Title: 0104 - CAD/CAM Blocks Microstructural Impact on Microtensile Bond Strength
Hazem ABOUELLEIL SAYED (Presenter)
Laboratoire Multimatériaux et Interfaces (UMR 5615) Lyon 1 University
Alexis Goujat, Laboratoire Multimatériaux et Interfaces (UMR 5615) Lyon 1 University
Nina Attik, Laboratoire Multimatériaux et Interfaces (UMR 5615) Lyon 1 University
Pilar MARTI, UFR Odontologie, Université Paris Diderot
Nelly PRADELLE-PLASSE, Laboratoire Multimatériaux et Interfaces (UMR 5615) Lyon 1 University
Dominique Seux, Laboratoire Multimatériaux et Interfaces (UMR 5615) Lyon 1 University
Pierre Colon, Laboratoire Multimatériaux et Interfaces (UMR 5615) Lyon 1 University
Brigitte Grosgogeat, Laboratoire Multimatériaux et Interfaces (UMR 5615) Lyon 1 University
Objectives: To evaluate the adhesive bonding performance of 2 leucite-reinforced glass ceramic CAD/CAM materials after different surface treatment protocols.
Methods: The CAD/CAM materials under investigation were: InitialTM LRF (IR) (GC Europe, Leuven, Belgium) and IPS Empress® CAD (EM) (Ivoclar Vivadent, Schaan, Liechtenstein). The blocks received various surface treatments (no treatment, silane only, sandblasting + silane, hydrofluoric acid + silane), 2 types of adhesive luting composites were applied (G-CEM LinkForce; GC Europe, Leuven, Belgium) with the corresponding Silane (G-Multi Primer) or (Multilink® Automix; Ivoclar Vivadent, Schaan, Liechtenstein) with the corresponding Silane (Monobond Plus). After water storage and 5,000 thermocycles (5°C/55°C), specimens were cut into beams and microtensile bond strengths were recorded. The samples were observed by Scanning Electron Microscopy to correlate the impact of the surface treatment on the block material. The type of fracture resulting for each group was observed under stereo microscope and classified under 3 categories (adhesive, cohesive or mixed).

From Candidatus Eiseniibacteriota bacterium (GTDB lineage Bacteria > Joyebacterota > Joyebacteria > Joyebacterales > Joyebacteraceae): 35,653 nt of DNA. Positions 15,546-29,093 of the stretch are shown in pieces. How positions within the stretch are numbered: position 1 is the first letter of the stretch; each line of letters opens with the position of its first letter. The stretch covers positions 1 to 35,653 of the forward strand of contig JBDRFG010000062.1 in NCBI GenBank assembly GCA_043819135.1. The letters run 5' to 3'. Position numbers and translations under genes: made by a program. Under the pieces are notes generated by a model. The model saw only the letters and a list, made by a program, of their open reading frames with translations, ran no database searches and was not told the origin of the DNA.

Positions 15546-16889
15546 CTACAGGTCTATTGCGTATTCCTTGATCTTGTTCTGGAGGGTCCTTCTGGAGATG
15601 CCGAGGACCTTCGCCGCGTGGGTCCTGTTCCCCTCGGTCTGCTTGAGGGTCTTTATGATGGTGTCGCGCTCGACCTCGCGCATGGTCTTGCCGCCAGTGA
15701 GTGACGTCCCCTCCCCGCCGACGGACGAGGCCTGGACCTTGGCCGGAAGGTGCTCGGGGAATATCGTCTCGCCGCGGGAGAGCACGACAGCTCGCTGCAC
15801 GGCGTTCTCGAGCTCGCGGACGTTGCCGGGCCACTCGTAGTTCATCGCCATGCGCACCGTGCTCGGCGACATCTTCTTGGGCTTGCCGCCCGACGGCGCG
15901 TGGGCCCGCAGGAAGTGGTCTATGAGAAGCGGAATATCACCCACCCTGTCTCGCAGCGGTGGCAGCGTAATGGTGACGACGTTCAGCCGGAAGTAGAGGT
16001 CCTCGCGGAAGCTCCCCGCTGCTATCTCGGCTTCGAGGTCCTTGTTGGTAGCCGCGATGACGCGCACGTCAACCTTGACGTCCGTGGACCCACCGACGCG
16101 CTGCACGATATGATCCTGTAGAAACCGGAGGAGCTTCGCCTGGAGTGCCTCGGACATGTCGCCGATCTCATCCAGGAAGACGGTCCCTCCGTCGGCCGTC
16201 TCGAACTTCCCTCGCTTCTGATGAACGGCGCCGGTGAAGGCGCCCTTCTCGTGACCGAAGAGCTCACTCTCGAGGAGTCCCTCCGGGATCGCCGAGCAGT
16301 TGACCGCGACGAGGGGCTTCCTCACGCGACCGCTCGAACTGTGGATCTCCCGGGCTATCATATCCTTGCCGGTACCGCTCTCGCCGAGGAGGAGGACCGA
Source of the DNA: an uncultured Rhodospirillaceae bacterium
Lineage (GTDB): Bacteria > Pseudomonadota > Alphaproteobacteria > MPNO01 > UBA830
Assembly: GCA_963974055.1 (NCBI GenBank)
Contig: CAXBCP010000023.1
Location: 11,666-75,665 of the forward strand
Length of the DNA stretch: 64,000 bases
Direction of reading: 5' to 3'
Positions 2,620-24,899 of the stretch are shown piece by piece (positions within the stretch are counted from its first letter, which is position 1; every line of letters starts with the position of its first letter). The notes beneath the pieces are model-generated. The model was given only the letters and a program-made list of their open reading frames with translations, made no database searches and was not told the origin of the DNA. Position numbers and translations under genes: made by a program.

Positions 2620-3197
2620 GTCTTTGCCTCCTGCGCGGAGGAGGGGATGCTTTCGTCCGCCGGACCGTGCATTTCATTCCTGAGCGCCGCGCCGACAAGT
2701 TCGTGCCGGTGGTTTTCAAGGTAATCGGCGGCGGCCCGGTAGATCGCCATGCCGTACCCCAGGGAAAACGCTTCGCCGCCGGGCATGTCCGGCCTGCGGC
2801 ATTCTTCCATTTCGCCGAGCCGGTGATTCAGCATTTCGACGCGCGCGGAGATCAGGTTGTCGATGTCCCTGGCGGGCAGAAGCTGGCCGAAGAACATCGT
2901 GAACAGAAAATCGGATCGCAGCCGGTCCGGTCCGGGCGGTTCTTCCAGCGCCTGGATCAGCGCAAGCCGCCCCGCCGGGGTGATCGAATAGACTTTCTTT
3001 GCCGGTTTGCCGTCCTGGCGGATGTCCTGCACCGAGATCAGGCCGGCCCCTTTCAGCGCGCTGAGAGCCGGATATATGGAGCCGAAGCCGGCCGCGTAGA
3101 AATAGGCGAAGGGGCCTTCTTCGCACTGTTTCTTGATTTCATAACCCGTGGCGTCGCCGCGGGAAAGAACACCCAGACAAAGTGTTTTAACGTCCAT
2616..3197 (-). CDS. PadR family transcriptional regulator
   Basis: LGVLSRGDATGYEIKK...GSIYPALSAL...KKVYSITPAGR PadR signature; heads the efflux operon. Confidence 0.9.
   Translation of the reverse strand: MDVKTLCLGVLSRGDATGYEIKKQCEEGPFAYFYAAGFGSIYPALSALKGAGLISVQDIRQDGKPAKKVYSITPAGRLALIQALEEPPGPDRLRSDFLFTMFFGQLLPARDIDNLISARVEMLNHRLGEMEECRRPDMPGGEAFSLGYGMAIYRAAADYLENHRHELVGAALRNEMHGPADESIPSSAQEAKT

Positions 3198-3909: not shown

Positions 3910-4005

Results: Bonding performance of CAD/CAM materials was clearly influenced by the pretreatment method (P < 0.05). In general, all materials showed sufficient bonding to withstand intraoral chewing forces during mastication. Higher μ-TBS values were recorded for the InitialTM LRF blocks (IR) when treated with hydrofluoric acid (P < 0.05), irrespective of the adhesive luting composites (G-CEM LinkForce and Multilink® Automix). Fracture analysis of tested specimens revealed a correlation between type of fracture and microstructure of the CAD/CAM blocks.
Conclusions: Surface roughening methods and an appropriate primer are required to promote adequate and effective adhesion to CAD/CAM ceramic blocks. Structural differences observed in SEM and fracture analysis, combined to the effect of surface treatments on different materials, may impact the quality and longevity of the adhesive interface. InitialTM LRF blocks treated with hydrofluoric acid and silane seem to offer the best combination in terms of bonding effectiveness.
The submitter must disclose the names of the organizations with which any author have a relationship, the nature of the relationship, and the clinical or research area involved. The following is submitted: NONE